I recently had an “aha!” moment that felt ridiculously obvious and earth shattering at the same time. I was extra sensitive because it was the day of the Orlando shootings and he was trying to get his toddler brother to kill big imaginary bad guys with sticks with him. I just couldn’t. I pulled up a photograph of two men embracing, tears streaming down their faces. I showed it to him and told him what happened in Orlando. I didn’t go into detail and I’d never show him violent imagery. But I wanted him to see the human impact of what I felt he was making a game of. His eyes grew wide. He sat quietly for a moment and said “Is it okay if I make some security upgrades to the house? I want to put in some cameras and booby traps to keep us safe.”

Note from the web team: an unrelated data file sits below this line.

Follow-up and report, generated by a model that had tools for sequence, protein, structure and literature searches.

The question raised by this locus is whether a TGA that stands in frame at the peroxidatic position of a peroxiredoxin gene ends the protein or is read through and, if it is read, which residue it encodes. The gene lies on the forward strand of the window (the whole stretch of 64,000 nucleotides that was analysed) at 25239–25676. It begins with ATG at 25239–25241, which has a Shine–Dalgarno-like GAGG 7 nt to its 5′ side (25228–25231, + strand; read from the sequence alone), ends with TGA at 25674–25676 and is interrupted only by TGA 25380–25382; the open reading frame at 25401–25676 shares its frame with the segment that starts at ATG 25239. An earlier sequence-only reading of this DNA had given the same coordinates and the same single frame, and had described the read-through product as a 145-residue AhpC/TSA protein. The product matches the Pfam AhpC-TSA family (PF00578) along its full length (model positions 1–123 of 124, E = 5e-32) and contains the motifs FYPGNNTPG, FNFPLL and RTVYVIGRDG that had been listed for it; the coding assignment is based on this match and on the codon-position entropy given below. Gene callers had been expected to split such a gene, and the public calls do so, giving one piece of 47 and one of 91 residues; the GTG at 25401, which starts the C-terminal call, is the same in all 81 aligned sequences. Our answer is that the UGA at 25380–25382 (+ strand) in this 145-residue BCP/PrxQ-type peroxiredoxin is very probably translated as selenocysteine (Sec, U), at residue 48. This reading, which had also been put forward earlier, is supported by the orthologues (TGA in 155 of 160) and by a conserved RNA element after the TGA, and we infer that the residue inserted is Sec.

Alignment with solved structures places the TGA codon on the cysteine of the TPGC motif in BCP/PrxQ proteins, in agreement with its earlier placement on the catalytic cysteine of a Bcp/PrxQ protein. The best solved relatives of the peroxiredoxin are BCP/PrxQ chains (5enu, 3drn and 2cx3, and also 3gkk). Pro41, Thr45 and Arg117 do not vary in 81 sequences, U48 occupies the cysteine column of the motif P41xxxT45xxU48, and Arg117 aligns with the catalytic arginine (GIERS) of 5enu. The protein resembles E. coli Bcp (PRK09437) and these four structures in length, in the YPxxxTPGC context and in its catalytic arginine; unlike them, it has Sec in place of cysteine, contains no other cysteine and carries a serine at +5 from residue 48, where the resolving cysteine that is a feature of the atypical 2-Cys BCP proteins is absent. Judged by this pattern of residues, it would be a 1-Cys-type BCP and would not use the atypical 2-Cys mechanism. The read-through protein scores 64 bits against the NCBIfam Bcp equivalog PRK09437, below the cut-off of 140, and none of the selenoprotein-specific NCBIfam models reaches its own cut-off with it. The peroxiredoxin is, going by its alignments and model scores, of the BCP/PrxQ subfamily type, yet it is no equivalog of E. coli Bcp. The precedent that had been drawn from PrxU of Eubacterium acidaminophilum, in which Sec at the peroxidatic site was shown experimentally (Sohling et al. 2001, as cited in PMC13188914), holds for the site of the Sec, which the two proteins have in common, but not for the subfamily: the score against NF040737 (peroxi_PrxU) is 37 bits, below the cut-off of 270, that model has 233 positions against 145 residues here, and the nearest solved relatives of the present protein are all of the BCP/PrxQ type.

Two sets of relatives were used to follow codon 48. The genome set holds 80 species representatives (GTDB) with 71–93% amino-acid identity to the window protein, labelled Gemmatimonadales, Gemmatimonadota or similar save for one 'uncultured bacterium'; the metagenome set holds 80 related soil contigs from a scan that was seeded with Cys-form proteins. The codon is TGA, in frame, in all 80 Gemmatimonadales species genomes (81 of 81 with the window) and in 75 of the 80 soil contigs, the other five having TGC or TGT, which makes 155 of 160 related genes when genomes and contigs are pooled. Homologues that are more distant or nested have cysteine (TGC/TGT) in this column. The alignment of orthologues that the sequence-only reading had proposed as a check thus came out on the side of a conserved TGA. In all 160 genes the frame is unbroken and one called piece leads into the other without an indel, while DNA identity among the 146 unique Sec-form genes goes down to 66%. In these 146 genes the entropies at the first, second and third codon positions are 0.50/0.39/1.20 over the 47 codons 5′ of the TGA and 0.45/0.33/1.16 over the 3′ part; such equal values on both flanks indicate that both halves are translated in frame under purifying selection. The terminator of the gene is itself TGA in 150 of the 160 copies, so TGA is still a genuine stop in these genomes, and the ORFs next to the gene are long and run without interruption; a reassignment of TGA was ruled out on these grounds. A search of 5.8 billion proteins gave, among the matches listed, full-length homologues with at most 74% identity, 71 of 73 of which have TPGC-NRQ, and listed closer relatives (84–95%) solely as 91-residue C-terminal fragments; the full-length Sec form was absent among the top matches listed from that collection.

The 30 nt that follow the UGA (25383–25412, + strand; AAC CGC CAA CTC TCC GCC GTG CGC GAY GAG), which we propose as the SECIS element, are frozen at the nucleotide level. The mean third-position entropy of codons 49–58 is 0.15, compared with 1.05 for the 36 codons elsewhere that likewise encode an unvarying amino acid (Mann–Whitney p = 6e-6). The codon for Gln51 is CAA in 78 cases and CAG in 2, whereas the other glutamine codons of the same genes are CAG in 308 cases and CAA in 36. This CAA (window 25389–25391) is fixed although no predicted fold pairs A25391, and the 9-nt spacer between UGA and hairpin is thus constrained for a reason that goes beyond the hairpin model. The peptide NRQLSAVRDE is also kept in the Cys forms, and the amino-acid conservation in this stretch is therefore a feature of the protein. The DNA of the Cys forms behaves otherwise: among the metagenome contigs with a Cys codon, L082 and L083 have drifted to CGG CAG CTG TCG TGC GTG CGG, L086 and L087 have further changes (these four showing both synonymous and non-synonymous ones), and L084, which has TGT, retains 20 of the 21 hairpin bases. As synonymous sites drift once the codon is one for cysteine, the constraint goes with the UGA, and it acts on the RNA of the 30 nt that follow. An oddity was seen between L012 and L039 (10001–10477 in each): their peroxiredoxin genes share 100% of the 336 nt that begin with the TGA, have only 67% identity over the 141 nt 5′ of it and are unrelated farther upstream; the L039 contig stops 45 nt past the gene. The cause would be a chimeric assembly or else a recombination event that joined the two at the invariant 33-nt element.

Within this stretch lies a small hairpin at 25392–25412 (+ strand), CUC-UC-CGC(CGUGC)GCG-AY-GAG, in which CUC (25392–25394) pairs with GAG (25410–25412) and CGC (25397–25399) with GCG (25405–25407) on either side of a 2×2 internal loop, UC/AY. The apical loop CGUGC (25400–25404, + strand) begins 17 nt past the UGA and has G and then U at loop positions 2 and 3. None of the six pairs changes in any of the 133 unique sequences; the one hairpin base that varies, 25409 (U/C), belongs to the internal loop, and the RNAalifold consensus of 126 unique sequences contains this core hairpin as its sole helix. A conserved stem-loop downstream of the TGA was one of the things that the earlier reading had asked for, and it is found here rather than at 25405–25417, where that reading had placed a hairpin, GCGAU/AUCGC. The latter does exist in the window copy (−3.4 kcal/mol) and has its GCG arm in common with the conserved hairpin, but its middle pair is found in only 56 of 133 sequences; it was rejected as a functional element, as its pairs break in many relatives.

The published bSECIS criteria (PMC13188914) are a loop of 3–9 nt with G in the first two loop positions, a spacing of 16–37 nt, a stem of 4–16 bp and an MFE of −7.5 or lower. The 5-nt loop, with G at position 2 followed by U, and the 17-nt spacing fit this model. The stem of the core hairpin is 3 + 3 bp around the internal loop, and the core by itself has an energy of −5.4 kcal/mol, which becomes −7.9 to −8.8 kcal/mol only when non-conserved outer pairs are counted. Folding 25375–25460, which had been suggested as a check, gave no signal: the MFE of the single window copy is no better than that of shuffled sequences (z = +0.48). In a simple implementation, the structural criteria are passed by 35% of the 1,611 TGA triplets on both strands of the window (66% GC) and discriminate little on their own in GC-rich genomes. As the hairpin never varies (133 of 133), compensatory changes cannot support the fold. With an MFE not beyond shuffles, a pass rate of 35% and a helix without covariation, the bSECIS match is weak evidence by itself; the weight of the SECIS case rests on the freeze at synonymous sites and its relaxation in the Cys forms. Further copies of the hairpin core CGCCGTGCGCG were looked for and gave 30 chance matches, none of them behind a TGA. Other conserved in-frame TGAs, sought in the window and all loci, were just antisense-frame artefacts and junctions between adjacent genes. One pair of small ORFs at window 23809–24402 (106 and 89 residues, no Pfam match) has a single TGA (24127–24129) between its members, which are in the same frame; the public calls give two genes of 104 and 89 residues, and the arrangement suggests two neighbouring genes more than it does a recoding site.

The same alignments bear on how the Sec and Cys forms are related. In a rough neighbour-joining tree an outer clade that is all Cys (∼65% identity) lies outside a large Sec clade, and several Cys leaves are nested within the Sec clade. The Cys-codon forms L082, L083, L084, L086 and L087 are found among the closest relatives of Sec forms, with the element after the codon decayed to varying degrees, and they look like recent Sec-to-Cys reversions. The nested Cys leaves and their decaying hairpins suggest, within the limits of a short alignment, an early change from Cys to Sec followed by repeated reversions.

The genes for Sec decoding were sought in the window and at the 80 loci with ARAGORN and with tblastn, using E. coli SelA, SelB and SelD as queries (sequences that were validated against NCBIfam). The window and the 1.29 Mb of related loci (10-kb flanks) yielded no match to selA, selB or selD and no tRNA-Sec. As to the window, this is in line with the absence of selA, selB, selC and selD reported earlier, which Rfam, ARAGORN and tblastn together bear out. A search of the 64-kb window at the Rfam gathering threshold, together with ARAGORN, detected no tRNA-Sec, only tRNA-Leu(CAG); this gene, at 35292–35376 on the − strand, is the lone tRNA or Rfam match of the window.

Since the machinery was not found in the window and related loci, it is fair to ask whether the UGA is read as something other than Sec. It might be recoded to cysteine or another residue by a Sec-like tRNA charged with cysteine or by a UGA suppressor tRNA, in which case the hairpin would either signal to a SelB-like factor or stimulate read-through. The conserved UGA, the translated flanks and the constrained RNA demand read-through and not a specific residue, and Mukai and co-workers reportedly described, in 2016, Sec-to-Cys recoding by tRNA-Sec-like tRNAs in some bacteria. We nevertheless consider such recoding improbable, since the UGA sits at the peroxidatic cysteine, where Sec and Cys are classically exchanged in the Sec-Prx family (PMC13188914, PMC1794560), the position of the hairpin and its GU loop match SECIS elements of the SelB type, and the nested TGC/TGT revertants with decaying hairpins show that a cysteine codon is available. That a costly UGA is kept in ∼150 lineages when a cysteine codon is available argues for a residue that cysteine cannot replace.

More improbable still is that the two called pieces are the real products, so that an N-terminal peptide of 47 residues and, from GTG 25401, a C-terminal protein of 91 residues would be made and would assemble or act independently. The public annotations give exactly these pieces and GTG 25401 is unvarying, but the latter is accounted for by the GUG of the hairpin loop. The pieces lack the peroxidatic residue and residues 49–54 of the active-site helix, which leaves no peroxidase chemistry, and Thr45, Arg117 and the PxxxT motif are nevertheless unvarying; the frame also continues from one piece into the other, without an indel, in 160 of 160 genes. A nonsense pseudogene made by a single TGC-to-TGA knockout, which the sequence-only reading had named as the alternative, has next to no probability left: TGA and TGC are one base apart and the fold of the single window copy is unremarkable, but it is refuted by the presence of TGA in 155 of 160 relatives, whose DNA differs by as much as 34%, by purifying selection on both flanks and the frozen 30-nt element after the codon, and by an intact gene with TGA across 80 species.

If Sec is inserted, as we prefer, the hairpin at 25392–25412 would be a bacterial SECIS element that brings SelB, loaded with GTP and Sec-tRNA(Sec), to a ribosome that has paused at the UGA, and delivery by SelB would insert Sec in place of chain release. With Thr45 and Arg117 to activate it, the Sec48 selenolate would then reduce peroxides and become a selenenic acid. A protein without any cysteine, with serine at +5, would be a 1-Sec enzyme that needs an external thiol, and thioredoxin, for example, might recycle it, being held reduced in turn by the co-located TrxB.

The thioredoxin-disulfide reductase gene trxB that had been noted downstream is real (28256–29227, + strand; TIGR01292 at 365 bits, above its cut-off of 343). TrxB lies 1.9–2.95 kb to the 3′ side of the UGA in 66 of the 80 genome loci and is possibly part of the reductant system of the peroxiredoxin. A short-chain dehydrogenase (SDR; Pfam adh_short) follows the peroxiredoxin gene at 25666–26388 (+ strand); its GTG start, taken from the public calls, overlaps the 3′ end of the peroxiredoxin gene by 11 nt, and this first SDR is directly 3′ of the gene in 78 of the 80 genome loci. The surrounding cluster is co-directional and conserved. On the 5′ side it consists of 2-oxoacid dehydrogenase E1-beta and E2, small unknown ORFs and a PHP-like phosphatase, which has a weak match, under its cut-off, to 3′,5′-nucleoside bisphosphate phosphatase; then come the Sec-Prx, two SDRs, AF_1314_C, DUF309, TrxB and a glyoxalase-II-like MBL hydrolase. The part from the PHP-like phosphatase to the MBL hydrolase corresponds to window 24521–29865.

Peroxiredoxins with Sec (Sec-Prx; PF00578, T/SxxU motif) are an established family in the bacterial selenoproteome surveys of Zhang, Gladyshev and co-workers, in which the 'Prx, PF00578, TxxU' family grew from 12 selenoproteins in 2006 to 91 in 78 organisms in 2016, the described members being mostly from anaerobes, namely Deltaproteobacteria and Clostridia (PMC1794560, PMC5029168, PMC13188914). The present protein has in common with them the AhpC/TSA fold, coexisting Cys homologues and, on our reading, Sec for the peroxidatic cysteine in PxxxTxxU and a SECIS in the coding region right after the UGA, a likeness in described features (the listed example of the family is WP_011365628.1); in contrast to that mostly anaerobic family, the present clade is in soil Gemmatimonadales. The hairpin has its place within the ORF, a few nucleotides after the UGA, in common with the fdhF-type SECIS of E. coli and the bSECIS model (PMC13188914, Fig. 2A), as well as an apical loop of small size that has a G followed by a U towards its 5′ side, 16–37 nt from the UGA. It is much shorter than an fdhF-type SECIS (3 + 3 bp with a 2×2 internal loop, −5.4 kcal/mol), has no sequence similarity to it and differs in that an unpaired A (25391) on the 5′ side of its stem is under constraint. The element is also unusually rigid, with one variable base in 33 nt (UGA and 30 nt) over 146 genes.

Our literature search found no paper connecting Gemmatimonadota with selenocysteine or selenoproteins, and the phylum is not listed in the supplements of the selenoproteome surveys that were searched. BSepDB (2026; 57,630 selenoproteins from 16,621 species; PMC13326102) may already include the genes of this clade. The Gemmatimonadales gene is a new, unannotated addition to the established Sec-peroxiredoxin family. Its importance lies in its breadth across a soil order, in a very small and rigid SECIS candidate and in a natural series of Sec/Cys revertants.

He says things in this vein not infrequently. I always deal with it by talking about how safe our world is, how uncommon violence actually is, and how having weapons in your home and behaving aggressively toward possible intruders just makes it more likely that someone will get hurt. He has never been hurt or seen anyone hurt or heard of any people he knows being victims of violence. He is unbelievably privileged.

But this time he said “But these bad things DO happen all the time” and rattled off everything I’ve shared with him over the past few years. It hasn’t been much, but I talked to him about the Charleston killings. That was the first time I ever discussed current events with him and it prompted a thoughtful few weeks reading about slavery, segregation, and white supremacy. He knows that white supremacists–KKK and neo-nazis–tried to kill my parents before I was born. I’m sure there has been more that I don’t remember because it wasn’t as poignant.